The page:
You, the friends and members of the UUFP do so much here at the Fellowship. You devote hundreds of hours and you gift thousands of dollars.
This Monday series will highlight the impact you make by looking at who you touch.
How much have we changed over the years?
Turns out, not as much as you might think.
- In 1939 94% of Americans were appalled by the treatment of Jews in Germany but 72% said that we should not allow anymore Jews into the U.S.
- In 2016, 28% of Americans said they that they don’t support “conducting airstrikes against violent Islamic extremist groups” but 64% said that we should not allow anymore Syrians into the U.S.
We support the many activities of the Unitarian Universalist Association. The New Sanctuary Movement, now called Sanctuary 2014, is a growing movement of faith and immigrant communities doing what Congress and the Administration refuse to do: protect and stand with immigrants facing deportation.
In what became known as the Munich Pact, it agreed to the German annexation of the Sudetenland in exchange for a pledge of peace from Hitler. The agreement stunned Unitarians in the United States. They had close ties to Czech churches. The flow of political dissidents, Jews, and other refugees from Germany, Austria, and the Sudetenland into the Unitarian church in Prague increased.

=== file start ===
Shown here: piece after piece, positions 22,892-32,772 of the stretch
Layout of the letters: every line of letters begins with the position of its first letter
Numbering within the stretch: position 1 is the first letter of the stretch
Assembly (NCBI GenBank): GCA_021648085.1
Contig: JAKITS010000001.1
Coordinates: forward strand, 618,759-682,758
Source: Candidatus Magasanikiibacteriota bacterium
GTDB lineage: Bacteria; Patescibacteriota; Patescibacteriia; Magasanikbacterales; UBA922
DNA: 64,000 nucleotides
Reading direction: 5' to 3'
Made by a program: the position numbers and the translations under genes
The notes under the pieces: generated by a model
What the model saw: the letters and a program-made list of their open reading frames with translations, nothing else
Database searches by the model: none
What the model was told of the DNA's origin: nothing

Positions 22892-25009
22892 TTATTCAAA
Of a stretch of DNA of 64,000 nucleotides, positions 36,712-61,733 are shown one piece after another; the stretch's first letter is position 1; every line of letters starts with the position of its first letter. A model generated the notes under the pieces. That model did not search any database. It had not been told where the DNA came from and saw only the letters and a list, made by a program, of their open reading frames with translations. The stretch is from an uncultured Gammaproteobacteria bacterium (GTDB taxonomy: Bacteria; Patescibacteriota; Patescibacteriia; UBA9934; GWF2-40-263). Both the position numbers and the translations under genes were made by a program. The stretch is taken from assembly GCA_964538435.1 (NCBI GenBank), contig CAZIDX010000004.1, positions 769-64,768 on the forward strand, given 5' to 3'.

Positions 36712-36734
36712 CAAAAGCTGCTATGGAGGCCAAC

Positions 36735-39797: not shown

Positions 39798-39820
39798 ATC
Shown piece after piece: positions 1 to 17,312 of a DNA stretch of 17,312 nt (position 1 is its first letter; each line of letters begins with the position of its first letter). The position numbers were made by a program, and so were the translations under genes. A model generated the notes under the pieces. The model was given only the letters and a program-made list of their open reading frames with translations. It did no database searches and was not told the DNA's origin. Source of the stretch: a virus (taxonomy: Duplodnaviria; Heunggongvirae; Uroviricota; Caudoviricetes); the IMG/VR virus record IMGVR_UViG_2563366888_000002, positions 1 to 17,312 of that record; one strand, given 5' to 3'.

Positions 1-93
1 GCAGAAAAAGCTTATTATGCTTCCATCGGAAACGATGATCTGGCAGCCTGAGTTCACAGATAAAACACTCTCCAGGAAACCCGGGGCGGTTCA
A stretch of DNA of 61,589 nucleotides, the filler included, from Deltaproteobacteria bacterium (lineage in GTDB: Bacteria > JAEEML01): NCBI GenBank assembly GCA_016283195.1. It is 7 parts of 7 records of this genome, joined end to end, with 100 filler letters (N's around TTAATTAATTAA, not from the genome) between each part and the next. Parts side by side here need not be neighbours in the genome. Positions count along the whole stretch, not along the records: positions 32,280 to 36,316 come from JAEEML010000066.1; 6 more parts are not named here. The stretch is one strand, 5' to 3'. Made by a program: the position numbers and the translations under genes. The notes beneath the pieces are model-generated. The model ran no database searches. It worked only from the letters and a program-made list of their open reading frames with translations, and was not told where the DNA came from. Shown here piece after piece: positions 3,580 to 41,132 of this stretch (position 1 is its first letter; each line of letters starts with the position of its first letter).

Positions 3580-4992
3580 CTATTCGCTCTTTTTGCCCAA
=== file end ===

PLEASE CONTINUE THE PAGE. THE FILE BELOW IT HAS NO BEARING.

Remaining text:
In 1939 Waitstill Sharp was a minister in the Unitarian church in Wellesley, Massachusetts. His wife, Martha, was a noted social worker. During World War II, Martha and Waitstill Sharp helped hundreds of people escape from Nazi persecution in Czechoslovakia even participating in money laundering to ensure that survivors would have their money after the war.
How hard it must have been to send your children to a foreign country (sanctuary) knowing you probably wouldn’t see them again? And today, parents are making the same unimaginable choice in Syria and Mexico.